Take the 2-minute tour ×
Mathematics Stack Exchange is a question and answer site for people studying math at any level and professionals in related fields. It's 100% free, no registration required.

Is there a general - and possibly easy! - explicit way to "create" bijective functions between countable ordinals? I mean for example a bijection between $\omega$ and $\omega+\omega$, or a bijection between $\omega k$ and $\epsilon_0$ etc. Thanks.

share|improve this question
2  
If there were an explicit way that worked for any countable ordinal, then ZF would prove that $\omega_1$ is regular, which it does not. –  Chris Eagle May 27 '12 at 10:42
2  
If it were so easy, then there would be no non-recursive countable ordinals... –  Zhen Lin May 27 '12 at 12:52

1 Answer 1

up vote 3 down vote accepted

As Chris Eagle said in the comment, we cannot do that explicitly.

The reason is that if we have a countable sequence of $(A_i,f_i)$ where $f_i$ is a bijection between $A_i$ and $\omega$ then the union of $\bigcup_{i=1}^\infty A_i$ is countable.

It is also consistent with ZF that $\omega_1$ is a countable union of countable ordinals, but it does not mean that $\omega_1$ is countable. It is never countable.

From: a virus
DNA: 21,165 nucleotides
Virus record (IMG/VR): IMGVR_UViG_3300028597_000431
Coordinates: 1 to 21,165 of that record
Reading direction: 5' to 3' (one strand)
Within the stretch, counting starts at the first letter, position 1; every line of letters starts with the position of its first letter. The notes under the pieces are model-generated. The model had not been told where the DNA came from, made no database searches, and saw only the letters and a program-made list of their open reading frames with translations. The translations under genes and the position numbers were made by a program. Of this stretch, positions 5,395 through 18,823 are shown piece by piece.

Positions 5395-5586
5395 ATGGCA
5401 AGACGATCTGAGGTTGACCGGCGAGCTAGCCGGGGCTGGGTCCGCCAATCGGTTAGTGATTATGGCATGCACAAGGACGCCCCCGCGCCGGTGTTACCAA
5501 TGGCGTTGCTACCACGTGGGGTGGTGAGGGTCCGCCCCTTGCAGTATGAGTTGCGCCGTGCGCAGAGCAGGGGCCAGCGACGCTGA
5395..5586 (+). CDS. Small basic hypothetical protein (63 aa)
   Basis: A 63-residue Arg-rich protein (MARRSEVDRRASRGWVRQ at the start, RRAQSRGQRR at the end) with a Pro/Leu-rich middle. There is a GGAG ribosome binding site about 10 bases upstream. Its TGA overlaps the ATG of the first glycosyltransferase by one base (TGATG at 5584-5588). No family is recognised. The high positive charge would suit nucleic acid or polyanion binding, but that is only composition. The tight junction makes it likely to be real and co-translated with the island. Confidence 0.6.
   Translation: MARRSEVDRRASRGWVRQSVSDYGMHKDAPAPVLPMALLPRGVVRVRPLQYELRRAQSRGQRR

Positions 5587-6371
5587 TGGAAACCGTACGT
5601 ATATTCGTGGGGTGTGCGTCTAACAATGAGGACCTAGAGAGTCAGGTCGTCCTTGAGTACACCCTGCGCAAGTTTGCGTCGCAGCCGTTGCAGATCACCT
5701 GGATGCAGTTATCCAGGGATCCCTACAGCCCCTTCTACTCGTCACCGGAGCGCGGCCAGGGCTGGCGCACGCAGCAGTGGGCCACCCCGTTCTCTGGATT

In fact even assuming that $\omega_1$ is not a countable union of countable ordinals is not enough to generate these "canonical" bijections, as Solovay's model tells us. If we could, then we could define $\aleph_1$ many real numbers, which is impossible without pretty much the assumption that $\aleph_1$ many real numbers exist.

For explicit bijection between $\omega$ and "small" countable ordinals, for example $\omega$ with $\omega^2+\omega+5$:

  • Partition $\omega$ into three parts, two infinite and one with five elements.
  • Take a bijection of the first part with $\omega^2$, a bijection of the second part with $\omega$ and the last part with $5$.

    This can be done simply by composing the needed bijections, and if the partitions are made of sets simple enough then this can be done by a relatively simple formula.

  • Combine the three parts in the proper ordering: The first part is smaller than the other two, and the finite part is larger than the infinite one.

Note that $\epsilon_0$ is a bit too large for this kind of manipulation, as it relies on a Cantor normal form being "simple". However you can probably stretch this method a bit further by considering infinite partitions, I doubt a nice formula can be expected in that case, though.


To Read More:

  1. Sequence of surjections imply choice
share|improve this answer

Your Answer

 
discard

By posting your answer, you agree to the privacy policy and terms of service.

Not the answer you're looking for? Browse other questions tagged or ask your own question.